The games can last as long as four hours, and over three days come one after another, a grueling test of endurance that star player Albert Hatton — a 16-year-old sophomore at Abington Senior High School — acknowledges can be "kind of exhausting.”
But this exertion was 100 percent mental, and it was worth every minute when the Abington students returned from Illinois this week with the first-place trophy in their division at the U.S. Chess Federation’s High School Nationals — the third time the Montgomery County school has won that top honor in the last eight years.
“The SAT is nothing for these guys,” said Shawn Simmons, the Abington English teacher who coaches the team, describing the mental gyrations as the teens think many moves ahead. “They are in deep thought for extended periods of time.”
The effort at the tournament in Schaumburg was led by Yonatan Wiese-Namir, an 18-year-old senior who won seven matches during the weekend and claimed the top individual honor. The Abington teens competed in the Under 1,200 division against 392 kids from about 70 similar-size schools from across the United States. Of Abington’s 21 team members, 12 competed at nationals.
The victories continued a tradition of excellence that includes a fourth-place team finish at last year’s tournament and a second-place effort the year before that. In an era when the Friday night lights of the football field hog a lot of the glitter of high school competition, these kids win on their big stage with a unique combination of natural intelligence, keen psychological insights, and hours upon hours of practice.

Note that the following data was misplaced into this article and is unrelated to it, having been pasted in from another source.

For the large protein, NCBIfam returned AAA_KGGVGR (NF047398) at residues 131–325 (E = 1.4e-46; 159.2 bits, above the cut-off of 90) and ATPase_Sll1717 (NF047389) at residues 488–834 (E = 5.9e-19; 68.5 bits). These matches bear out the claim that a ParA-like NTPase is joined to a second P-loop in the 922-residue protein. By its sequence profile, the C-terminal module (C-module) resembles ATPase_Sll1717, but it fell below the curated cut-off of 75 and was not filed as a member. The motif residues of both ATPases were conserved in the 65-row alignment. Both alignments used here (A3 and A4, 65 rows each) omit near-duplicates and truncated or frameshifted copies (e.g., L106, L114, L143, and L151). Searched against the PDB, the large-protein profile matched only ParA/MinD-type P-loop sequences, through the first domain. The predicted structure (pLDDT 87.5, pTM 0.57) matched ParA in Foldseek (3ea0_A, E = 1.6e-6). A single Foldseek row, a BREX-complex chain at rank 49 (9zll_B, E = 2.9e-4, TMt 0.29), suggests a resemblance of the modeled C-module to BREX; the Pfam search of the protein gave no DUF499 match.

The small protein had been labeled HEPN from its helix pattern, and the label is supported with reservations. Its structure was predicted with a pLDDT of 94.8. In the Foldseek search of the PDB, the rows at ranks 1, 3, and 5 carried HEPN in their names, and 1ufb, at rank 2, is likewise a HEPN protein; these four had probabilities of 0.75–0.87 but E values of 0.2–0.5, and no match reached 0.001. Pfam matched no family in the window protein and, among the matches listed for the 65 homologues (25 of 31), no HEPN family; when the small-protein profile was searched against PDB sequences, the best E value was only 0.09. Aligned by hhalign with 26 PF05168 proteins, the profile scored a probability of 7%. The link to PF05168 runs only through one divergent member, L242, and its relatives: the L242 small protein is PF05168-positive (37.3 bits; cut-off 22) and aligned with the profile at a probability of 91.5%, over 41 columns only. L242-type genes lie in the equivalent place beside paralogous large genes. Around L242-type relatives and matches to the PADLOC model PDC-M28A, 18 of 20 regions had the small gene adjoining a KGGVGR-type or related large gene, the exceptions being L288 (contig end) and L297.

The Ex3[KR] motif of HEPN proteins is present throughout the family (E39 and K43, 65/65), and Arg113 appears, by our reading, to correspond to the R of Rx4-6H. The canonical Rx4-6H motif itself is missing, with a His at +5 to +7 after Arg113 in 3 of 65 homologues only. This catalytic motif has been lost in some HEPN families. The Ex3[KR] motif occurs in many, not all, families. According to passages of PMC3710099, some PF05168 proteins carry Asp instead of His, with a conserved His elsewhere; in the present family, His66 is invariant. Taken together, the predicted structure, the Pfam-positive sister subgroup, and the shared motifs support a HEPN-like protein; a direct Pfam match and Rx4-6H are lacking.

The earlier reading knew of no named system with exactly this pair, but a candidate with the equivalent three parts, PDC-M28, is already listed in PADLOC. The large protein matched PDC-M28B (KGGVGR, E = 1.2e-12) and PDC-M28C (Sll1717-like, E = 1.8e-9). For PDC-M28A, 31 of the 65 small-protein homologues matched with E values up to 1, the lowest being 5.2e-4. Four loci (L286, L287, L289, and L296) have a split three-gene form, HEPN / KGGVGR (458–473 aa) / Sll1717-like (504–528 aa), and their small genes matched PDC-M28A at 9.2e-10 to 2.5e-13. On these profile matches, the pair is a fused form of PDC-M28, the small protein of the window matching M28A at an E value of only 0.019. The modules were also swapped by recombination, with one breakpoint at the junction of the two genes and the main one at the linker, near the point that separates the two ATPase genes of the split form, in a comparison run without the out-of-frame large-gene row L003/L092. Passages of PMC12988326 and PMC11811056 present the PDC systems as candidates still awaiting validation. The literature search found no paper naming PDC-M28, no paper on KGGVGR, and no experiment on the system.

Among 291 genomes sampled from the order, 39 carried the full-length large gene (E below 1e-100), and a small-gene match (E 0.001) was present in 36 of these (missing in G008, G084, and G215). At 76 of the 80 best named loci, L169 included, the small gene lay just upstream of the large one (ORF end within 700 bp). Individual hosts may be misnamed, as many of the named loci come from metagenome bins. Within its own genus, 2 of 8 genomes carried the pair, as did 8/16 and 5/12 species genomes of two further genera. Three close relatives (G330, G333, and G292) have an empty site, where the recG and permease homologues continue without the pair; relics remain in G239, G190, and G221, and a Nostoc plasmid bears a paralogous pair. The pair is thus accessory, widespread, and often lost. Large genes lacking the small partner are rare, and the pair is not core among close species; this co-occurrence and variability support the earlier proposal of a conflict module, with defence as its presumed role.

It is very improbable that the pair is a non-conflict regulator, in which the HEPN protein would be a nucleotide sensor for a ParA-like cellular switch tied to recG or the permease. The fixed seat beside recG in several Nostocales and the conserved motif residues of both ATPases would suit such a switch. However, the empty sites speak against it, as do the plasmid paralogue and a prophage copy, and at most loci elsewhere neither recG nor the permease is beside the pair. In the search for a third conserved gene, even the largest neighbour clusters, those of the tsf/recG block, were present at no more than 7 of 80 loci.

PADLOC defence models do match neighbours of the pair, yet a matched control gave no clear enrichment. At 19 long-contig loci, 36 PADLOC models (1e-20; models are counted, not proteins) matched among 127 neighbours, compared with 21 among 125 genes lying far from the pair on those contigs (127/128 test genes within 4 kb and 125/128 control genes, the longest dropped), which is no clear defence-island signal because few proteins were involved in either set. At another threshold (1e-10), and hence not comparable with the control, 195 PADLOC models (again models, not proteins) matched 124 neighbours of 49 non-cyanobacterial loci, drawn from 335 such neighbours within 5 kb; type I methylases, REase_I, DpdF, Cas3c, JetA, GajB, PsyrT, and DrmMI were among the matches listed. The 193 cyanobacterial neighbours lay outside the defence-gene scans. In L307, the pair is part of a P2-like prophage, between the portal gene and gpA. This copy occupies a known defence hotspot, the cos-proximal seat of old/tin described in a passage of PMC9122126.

“One of the things we do is actually study, like for a test,” said Brecon Hession, an 18-year-old senior and team captain, who was national individual champ in 2018.
Team members frequently practice their chess moves during lunch and sometimes during class; watch instructional videos to boost their strategic skills; and before big tournaments work with a private coach, 2008 Abington graduate Steve McLaughlin, a top player. “He could be a professional,” said Simmons.
In addition to Wiese-Namir (son of Frank Wiese, an editor at The Inquirer) and Hatton, the winning unit included sophomore Nathaniel O, 15, and sophomore Ethan Weilheimer, 16 (son of Larry Weilheimer, vice president and general counsel of Philadelphia Media Network, parent company of The Inquirer). Their combined score of 21.5 easily bested the second-place finisher, St. John Vianney High School in St. Louis.
O’s showing was especially remarkable since he was a self-described “novice” who joined the team this year. He said he “only knew how the pieces moved” before he started absorbing more complicated game strategy from his experienced teammates and Simmons, a Northeast Philadelphia native who played at his alma mater, Lincoln High School, before going to Abington to teach.
In addition to smarts, good chess players have to be able to outwit their opponents.
“They talk about the psychology of it, sitting across from someone and reading the psychology of your opponent,” Simmons said of his players.
While some top-ranked players begin playing in kindergarten, Abington has built its national dynasty with students who mostly developed their skill as high schoolers. Wiese-Namir started out “impulsive,” according to Simmons, but now can recognize patterns and can replay his 18-move winning game from memory.
Wiese-Namir said that when he was a sophomore, Simmons was his imposing English teacher who “scared me into going” to his first meeting of the chess team. “But in the end, I tried out,” he said, “and it’s one of the best decisions I’ve made.”
“It’s stressful at times,” acknowledged Hession — to which Hatton injected, “Very stressful,” although he quickly added that “it’s a ton of fun and rewarding.”
Weilheimer agreed, although for him the best part is hanging around with the team before each match.